You do need, however, to use quite a bit of muscular effort to carefully control the placement and angle of the blade. So it can be rather tiring work. During the initial hewing, we're mainly concerned with clearing out the roughly scored wood and leaving just a reasonably clean surface. On subsequent iterations, we'll attempt to smooth and flatten the surface as much as possible, periodically checking it with a level or plumb-bob.

Of course, the ultimate goal is to shape the cant into a relatively flat and squared slab of wood suitable for fashioning into a precise bench top. This means that one face (the top of the slab) must be as planar as possible. The other face (the bottom) need not be that perfect, but it should still be reasonably clear. And at least one of the two lateral edges must be completely planar and at a right angle to the top so as to accommodate stock being edge-planed. So these are the requirements for true-ness that the hewing process ultimately needs to support (not to mention the countless hours of planing that will ultimately follow hewing).

In an effort to make this work as precise as possible, I cut a reference edge along one of the scoring lines at one end of the cant, and pared it down to a smooth, straight surface:

The reference edge provides a good, solid place to position a level or plumb-bob to ensure that the cant is always in the same orientation every time I return to hewing it. It's simply easier to hold the level against a squared piece of wood than attempt to align it with a drawn scoring line. Periodically, while hewing the faces, I'll check this reference edge to make sure its completely vertical, just in case the cant shifted slightly while being worked. I'll also check the area of the face I'm currently working with a plumb-bob to ensure that it's heading in the direction of relative planarity, with a parallel orientation to the reference edge.

If I happen to flip the cant over onto one of its faces, I'll likewise make sure that the same reference edge is completely horizontal as the cant lays in its cradle, adjusting or shimming the cant as necessary. I might then attempt, for example, to hew either of the edges into a vertical planar surface, or perhaps adze the exposed face to remove more material using a different group of muscles. As hewing progresses, I would expect to occasionally establish other reference edges at various locations on the cant, as well.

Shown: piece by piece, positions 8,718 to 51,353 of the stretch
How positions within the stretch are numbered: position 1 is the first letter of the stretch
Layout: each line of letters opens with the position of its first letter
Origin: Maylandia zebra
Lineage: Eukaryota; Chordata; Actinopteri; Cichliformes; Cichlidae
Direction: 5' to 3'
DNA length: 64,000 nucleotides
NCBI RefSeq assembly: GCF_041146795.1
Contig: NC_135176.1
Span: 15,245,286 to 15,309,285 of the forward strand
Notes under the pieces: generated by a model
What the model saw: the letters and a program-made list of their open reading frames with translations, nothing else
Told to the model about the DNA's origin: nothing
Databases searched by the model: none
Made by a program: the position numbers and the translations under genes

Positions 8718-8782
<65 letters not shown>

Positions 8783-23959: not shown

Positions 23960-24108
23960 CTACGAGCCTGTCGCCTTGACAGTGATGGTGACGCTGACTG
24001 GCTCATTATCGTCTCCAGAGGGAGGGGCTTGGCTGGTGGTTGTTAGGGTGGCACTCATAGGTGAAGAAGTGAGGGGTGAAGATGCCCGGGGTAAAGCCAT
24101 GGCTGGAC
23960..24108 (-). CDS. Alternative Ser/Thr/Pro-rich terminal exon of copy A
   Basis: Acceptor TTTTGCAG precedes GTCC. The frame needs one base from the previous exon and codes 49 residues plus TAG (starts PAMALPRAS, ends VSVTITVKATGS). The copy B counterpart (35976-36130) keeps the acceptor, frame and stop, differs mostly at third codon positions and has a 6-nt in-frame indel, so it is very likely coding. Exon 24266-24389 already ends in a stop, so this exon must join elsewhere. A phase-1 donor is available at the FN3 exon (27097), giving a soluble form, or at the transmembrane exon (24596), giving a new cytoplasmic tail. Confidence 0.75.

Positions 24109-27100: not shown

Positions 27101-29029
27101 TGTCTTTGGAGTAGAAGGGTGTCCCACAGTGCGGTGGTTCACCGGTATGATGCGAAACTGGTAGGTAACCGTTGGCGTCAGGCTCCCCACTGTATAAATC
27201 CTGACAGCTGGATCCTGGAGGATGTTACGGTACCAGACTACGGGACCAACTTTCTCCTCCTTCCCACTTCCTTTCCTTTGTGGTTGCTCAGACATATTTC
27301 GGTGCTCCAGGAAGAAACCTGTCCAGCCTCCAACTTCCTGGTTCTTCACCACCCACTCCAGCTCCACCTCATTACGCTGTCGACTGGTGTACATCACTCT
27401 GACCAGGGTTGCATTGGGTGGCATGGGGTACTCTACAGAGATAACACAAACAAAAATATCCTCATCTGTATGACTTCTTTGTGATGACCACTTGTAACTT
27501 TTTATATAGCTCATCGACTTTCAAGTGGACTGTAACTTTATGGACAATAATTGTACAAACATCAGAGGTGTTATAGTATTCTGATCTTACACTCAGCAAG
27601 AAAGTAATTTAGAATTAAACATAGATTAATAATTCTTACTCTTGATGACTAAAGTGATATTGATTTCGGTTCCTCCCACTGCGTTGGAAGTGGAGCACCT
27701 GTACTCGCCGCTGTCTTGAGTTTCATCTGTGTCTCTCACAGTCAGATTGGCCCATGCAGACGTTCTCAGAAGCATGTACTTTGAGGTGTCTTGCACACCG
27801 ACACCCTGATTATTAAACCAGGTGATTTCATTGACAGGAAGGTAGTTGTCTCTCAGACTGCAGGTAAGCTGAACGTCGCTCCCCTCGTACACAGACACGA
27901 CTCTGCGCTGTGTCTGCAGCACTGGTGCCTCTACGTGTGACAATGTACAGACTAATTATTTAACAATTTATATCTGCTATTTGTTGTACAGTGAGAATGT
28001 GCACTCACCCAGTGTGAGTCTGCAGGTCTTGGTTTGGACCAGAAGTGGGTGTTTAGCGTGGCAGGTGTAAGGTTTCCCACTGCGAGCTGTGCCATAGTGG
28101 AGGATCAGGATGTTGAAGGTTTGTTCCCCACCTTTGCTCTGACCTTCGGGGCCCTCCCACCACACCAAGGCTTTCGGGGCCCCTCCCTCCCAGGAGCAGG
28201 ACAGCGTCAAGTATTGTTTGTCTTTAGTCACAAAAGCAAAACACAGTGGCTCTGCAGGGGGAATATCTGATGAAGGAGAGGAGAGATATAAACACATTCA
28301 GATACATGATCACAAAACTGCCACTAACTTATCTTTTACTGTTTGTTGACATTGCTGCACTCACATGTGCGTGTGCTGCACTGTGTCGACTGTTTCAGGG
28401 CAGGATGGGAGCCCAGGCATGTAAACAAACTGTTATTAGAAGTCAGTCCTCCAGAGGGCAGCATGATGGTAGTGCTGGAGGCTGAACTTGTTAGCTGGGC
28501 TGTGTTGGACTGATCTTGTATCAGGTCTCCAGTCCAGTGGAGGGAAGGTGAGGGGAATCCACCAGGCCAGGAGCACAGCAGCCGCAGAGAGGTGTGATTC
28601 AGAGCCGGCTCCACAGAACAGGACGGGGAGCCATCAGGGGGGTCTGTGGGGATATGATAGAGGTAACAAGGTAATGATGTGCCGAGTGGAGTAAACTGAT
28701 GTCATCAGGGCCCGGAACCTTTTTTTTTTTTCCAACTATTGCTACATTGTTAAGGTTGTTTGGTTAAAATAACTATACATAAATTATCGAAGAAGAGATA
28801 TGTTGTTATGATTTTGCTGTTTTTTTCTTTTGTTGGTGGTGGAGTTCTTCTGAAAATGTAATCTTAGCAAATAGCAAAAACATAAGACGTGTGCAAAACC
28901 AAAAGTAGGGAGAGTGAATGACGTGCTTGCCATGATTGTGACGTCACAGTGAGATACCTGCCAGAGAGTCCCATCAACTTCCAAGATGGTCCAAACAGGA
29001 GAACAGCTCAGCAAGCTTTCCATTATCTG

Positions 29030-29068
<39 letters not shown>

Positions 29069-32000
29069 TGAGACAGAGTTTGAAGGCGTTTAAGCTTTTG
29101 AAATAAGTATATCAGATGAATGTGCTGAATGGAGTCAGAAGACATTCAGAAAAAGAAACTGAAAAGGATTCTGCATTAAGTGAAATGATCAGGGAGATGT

The photo below shows the reference edge. I used a small carpenter's hatchet to finish the edge to a straight line:

This next photo shows the hewed surface of the stem where the reference edge was cut. When you take great care to use the broad axe precisely, you can get a surface that is nearly as smooth as what could be accomplished with a hand plane. Although the photo might not do an ideal job revealing it, this is the case right in center area of the upper stem, where a rough oval of spalt can be seen. Note also the beautiful bands of colors (including the silver-blue) running through the surface of the wood. This will eventually make for a beautiful bench top when finally finished:

Yet another view of the cant is shown below. The face of the cant shown here (and in the preceding photo, as well) is destined to be the bench top, and the bottom edge (the edge the cant is currently resting on in its cradle) will be the front edge of the bench. This particular face was selected as the bench top mainly because the bottom edge exhibits far less sweep (or end-to-end curvature) than the top edge, and will be that much easier to straighten:

And since this edge will face the woodworker, it must be shaped so as to form a vertically planar clamping surface with the bench legs on that side. I also intend to fashion the smaller branching stem into a crochet for holding the far end of stock secured to the bench-front for edge planing. That should make for a very functional and also aesthetically pleasing feature of the bench.

The bifurcated area of the cant, where the two stems of the living tree had split-off from the main trunk into a Y-shape, was perhaps my single biggest motivation for using this particular log for the slab. In addition to providing a base for an integral crochet, I am anticipating that its additional mass will add to the overall heft and stability of the bench. And from a purely aesthetic perspective, the wood in such areas of trees often yields myriad unusual coloration and grain patterns, lending itself quite well to the creation of a unique piece of furniture.

So, it is for all of these reasons that I am constructing a bench top from a whole section of a silver maple, rather than assembling one from pre-fabricated slabs or milled lumber. Not to mention the fact that the tree had been in my yard for many years; hence, using it in this manner also provides quite a bit of meaning and relevance.

Tuesday, September 8, 2009

Tobacco Cloth Curtains and Other Developments

Some primitive-style window coverings I had ordered arrived this morning at the house. These consisted of several tobacco cloth tie-up panels, and a pair of double-draw festoons. I purchased them from Farmhouse Primitives, and was very pleased with their customer care ethic, as they made an extra effort to ship them to me as quickly as possible. Since these coverings are only made on-demand, the orders naturally take a little extra time to fulfill.